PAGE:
(2) Professor Emeritus, The University of Newcastle, Priority Research Centre For Energy, Australia, firstname.lastname@example.org
(3) Dr, The University of Newcastle, Priority Research Centre For Energy, NSW, 2308, Australia, email@example.com
(4) Professor, The University of Newcastle, Priority Research Centre For Energy, Australia, firstname.lastname@example.org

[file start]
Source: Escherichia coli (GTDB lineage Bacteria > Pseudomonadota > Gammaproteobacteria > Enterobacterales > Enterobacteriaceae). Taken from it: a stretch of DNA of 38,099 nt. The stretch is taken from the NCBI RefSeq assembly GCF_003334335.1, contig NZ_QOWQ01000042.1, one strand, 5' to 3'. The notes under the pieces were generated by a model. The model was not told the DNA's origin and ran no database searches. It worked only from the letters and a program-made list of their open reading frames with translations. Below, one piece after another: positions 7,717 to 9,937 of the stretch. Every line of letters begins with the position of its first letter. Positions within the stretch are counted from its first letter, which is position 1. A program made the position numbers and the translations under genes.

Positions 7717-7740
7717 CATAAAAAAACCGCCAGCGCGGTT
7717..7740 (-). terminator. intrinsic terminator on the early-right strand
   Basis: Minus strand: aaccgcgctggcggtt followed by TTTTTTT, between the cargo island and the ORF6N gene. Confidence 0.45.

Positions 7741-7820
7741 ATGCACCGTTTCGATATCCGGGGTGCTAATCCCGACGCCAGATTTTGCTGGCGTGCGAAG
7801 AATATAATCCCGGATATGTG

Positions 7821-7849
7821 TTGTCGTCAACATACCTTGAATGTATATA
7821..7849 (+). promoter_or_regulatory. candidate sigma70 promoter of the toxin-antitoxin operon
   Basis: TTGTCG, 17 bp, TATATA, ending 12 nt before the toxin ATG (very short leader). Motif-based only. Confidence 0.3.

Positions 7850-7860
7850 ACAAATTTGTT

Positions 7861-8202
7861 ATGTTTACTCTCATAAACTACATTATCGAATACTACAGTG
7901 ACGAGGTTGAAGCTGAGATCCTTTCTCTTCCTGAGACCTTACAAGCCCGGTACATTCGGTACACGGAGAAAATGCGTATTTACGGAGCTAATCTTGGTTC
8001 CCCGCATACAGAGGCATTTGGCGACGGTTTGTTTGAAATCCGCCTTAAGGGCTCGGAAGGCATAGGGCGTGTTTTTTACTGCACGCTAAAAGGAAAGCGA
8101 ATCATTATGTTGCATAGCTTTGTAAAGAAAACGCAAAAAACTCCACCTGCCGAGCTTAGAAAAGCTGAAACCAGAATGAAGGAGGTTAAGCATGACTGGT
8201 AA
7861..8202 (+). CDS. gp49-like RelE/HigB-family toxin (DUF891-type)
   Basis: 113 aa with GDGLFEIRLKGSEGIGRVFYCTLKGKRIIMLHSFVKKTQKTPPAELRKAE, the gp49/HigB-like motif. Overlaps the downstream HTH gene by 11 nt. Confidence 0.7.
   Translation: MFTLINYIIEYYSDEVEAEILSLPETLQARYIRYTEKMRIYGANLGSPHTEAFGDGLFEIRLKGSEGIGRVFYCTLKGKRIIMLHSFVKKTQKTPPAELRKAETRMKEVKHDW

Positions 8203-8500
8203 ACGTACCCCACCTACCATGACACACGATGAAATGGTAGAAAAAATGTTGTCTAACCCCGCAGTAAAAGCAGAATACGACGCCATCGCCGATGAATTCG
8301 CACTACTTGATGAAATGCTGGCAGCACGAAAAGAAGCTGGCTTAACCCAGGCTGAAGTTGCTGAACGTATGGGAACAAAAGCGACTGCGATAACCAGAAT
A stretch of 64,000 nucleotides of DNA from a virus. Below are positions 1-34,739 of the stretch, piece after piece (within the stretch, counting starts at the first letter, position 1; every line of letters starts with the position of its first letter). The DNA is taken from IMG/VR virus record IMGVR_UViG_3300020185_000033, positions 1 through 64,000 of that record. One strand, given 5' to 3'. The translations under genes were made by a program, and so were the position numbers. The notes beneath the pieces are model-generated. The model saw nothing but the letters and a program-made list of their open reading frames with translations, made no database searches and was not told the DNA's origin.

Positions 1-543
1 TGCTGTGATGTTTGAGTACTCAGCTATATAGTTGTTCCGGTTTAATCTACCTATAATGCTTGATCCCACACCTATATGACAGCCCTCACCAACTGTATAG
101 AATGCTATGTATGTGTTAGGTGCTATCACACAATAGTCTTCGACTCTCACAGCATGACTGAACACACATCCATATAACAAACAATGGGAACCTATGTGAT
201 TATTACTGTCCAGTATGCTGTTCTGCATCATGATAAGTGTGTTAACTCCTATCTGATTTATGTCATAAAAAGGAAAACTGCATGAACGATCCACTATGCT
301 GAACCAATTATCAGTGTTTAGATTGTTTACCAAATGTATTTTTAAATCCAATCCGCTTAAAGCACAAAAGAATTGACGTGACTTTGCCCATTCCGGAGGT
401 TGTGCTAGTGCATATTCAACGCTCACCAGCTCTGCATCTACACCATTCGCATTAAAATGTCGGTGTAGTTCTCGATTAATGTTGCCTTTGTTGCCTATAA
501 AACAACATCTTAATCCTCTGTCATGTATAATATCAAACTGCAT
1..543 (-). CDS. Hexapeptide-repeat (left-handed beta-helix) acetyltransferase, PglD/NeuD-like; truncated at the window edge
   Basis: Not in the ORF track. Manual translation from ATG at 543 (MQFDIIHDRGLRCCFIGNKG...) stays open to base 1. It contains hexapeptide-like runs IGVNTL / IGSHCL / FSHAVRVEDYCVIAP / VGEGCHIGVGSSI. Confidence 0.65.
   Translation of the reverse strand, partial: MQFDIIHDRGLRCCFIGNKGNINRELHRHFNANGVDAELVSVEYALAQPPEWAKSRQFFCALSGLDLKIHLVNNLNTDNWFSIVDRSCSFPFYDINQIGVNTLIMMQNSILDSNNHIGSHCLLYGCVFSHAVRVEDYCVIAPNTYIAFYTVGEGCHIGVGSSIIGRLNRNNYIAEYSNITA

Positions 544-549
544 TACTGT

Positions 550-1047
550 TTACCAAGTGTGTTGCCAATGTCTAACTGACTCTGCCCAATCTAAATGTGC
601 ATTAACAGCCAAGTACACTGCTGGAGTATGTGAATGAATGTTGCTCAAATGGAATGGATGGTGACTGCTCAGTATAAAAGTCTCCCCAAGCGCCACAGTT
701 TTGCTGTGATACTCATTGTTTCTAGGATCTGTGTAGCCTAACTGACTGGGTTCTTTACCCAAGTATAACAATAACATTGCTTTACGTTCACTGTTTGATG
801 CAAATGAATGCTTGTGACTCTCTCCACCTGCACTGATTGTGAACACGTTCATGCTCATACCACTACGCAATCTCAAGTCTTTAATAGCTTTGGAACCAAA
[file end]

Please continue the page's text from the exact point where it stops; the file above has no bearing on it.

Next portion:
This paper describes a novel method for defining the thermal performance of walling systems under dynamic heating and cooling conditions. This is an innovative development as it incorporates the contribution of both thermal resistance and thermal mass in the one parameter. This is of particular importance for masonry construction as it directly reflects contribution of its thermal mass. These are important steady-state parameters, but are inadequate in fully defining the thermal performance under dynamic temperature conditions such as a typical diurnal temperature cycle. The measure is called “the dynamic temperature response“ or “t-value“, and it inherently considers the properties and configuration of the insulation and thermal mass within a wall when exposed to typical temperature fluctuations. The method has been verified experimentally for both laboratory and in-situ conditions using a modified guarded hot box apparatus and several housing test modules located at the University of Newcastle. The background research is described together with examples of the application of the concept to a range of walling configurations. Due to its inherent thermal mass, the measure directly relates to masonry construction and confirms that the energy required for moderate weather conditions is more efficient if an appropriate combination of both thermal mass and thermal resistance is utilized, especially if passive solar design principles are used.